Franz Kafka wrote The Hunger Artist whilst in the throes of fatal tuberculosis. In this staging of his short story, the eponymous artist struggles instead in a cage of deprivation, starving for his art, which, to the more dramatic of us, is rather fitting given the experience of yet another lockdown.
The production is very much a slow burn: we watch the Hunger Artist (Henry Petch) as he transforms from a man standing tall and robust to a collapsed fragment of a person, denying himself nutrition to entertain the masses. The simplicity of the staging complements his exhibitionism and the questions of seeing and believing raised by the script. As we are reminded, we cannot prove the Artist is starving without watching him endlessly; we may only believe. Positioned centre-stage, Petch’s ever-weakening character is utterly exposed, distanced from the other figures on stage. His isolation is heightened through clever use of a spotlight followed by blackout, which helps emphasise key themes of belief and scrutiny. The use of curious fairground music sets the scene for a spectacle on the outskirts of plausibility, and contrasts starkly with the dark subject matter of starvation.
As the Hunger Artist writhes and suffers, the Constable periodically updates a sign announcing his days starved, and days “before public interest declines.” The voyeuristic grotesqueness of gawping at human suffering is explicit, and at the Artist’s weakest points the sound of visceral, open-mouthed munching of food is distressingly unsettling. The audience is then confronted with the awkward question of why we are here to watch? Are we the same as those perverse spectators who laugh and mock the starving Artist? But why are we uncomfortable? After all, our Artist starves out of a love for starvation, and an inability to find joy in food. This challenging confusion of roles between the fairground and theatre audiences is a clever consequence of the adaptation from page to stage, and the query is left enigmatically unresolved.
The performance’s initial laboured build reaches a fiery crescendo as the Artist’s body caves under the strain of his art. Narrator Carrieanne Vivianette’s sudden vocal variation is a highlight: the change in the narrator’s voice is just the right kind of shocking and unsettling, and her repetition of how the Artist is a fragile, weak little martyr makes vivid his struggle between resilience and human vulnerability. The synchronisation between the narrated word ‘tug’ and the Artist’s own backwards convulsions is particularly impressive, revealing his loss of agency and bodily deficiency.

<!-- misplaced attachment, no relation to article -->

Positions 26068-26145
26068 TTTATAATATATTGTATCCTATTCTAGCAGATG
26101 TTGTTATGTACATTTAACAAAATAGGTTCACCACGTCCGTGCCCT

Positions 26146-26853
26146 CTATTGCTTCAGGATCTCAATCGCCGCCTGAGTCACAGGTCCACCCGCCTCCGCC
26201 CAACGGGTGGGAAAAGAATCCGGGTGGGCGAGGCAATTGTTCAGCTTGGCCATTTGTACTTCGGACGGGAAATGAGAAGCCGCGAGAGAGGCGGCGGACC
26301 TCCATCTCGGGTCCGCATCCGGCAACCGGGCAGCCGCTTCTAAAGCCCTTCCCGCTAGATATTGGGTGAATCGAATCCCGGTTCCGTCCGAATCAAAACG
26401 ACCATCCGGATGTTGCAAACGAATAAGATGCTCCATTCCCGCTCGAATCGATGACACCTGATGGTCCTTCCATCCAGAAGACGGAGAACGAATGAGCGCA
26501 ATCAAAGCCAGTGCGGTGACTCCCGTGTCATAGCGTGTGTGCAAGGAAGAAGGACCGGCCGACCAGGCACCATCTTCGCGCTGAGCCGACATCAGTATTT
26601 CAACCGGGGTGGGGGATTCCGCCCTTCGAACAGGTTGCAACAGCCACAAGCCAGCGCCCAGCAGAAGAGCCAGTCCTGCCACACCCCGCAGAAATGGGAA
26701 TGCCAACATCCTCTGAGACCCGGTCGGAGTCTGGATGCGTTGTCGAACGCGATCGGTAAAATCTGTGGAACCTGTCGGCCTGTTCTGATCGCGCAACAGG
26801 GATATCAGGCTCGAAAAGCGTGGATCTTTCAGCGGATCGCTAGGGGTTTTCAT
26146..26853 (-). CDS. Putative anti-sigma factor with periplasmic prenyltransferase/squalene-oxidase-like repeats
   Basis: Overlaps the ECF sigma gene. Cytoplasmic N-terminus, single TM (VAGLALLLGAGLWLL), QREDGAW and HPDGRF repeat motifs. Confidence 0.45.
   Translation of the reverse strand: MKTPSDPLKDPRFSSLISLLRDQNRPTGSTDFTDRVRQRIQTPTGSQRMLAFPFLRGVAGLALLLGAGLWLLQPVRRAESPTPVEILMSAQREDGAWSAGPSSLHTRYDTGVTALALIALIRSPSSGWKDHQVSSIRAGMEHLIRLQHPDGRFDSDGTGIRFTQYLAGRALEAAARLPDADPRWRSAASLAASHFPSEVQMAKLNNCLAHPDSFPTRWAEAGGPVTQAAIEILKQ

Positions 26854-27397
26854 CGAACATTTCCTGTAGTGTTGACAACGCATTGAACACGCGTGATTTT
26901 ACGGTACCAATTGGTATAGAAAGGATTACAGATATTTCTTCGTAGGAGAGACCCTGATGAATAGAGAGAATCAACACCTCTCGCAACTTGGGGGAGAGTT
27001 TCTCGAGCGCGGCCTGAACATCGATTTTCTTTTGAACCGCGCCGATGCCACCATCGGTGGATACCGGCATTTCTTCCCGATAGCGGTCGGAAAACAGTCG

True to Kafka’s text, the story of The Hunger Artist fizzles out unceremoniously. His mental resolution is consumed by corporeal weakness, and the tale’s ending affords us the true explanation for his work: he simply does not like to eat. The narrator’s move, for the first time, towards the lifeless man, emphasises the care withheld by the fairground audience, and challenges our own responses. As a clever touch, the sign foretelling audience disinterest is covered over by an advert for another performance entirely, condemning the emaciated artist to irrelevance.
CVIVArts’ production is certainly true to its description of ‘absurdist’, and is in places truly compelling. The initial slow pace of the production is somewhat difficult to work through, and the message to the audience – if any – remains unclear. Nonetheless, this production is an enjoyable interpretation of Kafka’s weirdness, and leaves many questions of human nature to ponder.
Based on a short story by: Franz Kafka
Original writing by: Neil Rathmell
Directed by: Carrieanne Vivianette
Produced by: CVIVArts Theatre
The Hunger Artist is available free to watch on YouTube, via the below link.